Lastly, I was surprised to find myself engrossed by Kevin Kruse’s One Nation Under God: How Corporate America Invented Christian America (Basic, Feb.; LJ
2/15/15; see starred review on p. 112), which describes the
relationship between Christianity and capitalism (“In God We Trust”) and
later piety and patriotism (“One Nation Under God”). Kruse addresses
how corporations used clergymen in their PR war against Roosevelt’s New
Deal and how evangelist Billy Graham helped Dwight Eisenhower and
Richard Nixon use religion as the “lowest-common denominator” to unite
the public. I’ve yet to finish it, but I can already tell this will be
an informative, insightful read.—Stephanie Sendaula
#Repost @traceeellisross with @repostapp.
I learned so much doing #BlackFutureMonth on Twitter! Thanks so much to everyone who commented and shared! How wonderful to know people like the ones above are working to create an incredible destiny for us! #nolimits! Thank you @AdrianeJamison for working with me on this!!! @Chescaleigh
If you find yourself in the unfortunate position of being black-friendless, you can either go to the nearest black church and strike up a conversation, or just fire up Facebook, search for “black people,” and start clicking ‘Add Friend’ on the names in the resulting lists.
Comedy changes the world by changing individuals from the inside out. Laughter causes a transformation in the person experiencing it. It loosens and opens us up. We let our guard down. We become vulnerable. Laughter helps expose who we really are, and when we’re being who we really are we can see the world in a more true light. We can accept truths that in a different package, we might deny. We can find common ground with people we would swear are our enemies. Comedy can help us see the world, not just as it is, but as it might be, and that can serve as a great motivator.
“Just over one year ago, I traded in my subway pass for Roxie, my pink Schwinn cruiser. She was given to me by my Dutch friend, Kirsten, who bought it off of a Brooklyn-based Haitian voodoo doctor whose colorblind son originally bought it thinking it was blue. One day I was riding through Brooklyn and a teenaged black boy yelled at me as I rode past, ‘Normally I would make fun of a dude riding a big pink bike, but your arms are so big, I don’t wanna mess with you.’”
Baratunde Thurston was photographed in New York City on June 27th. You can follow him on Twitter.
“We have to do with the past only as we can make it useful to the present and to the future. To all inspiring motives, to noble deeds which can be gained from the past, we are welcome. But now is the time, the important time. Your fathers have lived, died, and have done their work, and have done much of it well. You live and must die, and you must do your work. You have no right to enjoy a child’s share in the labor of your fathers, unless your children are to be blest by your labors. You have no right to wear out and waste the hard-earned fame of your fathers to cover your indolence. Sydney Smith tells us that men seldom eulogize the wisdom and virtues of their fathers, but to excuse some folly or wickedness of their own. This truth is not a doubtful one. There are illustrations of it near and remote, ancient and modern. It was fashionable, hundreds of years ago, for the children of Jacob to boast, we have ‘Abraham to our father,’ when they had long lost Abraham’s faith and spirit. That people contented themselves under the shadow of Abraham’s great name, while they repudiated the deeds which made his name great. Need I remind you that a similar thing is being done all over this country to-day? Need I tell you that the Jews are not the only people who built the tombs of the prophets, and garnished the sepulchres of the righteous? Washington could not die till he had broken the chains of his slaves. Yet his monument is built up by the price of human blood, and the traders in the bodies and souls of men, shout - 'We have Washington to our father.’ Alas! that it should be so; yet so it is.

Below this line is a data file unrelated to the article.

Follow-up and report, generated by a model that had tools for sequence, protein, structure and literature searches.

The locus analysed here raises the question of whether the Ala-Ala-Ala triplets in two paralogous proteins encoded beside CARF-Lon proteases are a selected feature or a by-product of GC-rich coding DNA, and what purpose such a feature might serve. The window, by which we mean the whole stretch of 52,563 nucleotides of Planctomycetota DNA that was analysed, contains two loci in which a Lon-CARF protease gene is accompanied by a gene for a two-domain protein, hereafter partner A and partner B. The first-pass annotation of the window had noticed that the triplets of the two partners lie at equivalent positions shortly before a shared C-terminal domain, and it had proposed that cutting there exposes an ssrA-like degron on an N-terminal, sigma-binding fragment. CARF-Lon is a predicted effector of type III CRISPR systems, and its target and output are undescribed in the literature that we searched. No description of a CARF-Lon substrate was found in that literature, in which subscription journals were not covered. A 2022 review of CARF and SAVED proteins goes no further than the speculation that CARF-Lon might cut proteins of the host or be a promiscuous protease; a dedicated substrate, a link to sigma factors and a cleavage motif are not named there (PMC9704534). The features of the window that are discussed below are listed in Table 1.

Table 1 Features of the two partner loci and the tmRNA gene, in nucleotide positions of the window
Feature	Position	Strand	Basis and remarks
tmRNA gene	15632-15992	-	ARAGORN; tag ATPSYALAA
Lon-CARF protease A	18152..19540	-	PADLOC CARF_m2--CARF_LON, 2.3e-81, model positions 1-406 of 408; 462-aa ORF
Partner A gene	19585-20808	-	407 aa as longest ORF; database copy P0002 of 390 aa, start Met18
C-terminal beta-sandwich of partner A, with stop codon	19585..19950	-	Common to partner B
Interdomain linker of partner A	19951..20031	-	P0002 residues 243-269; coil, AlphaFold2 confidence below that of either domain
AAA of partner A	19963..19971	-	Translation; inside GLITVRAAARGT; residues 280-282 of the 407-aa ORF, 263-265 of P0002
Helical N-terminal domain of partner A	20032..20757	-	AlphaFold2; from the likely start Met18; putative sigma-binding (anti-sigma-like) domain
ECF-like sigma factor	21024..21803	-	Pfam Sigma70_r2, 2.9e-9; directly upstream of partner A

'The evil that men do, lives after them, The good is oft-interred with their bones.’ 'What have I, or those I represent, to do with your national independence?’”
Powerful, powerful stuff. Give it a listen. Its long, but worth it.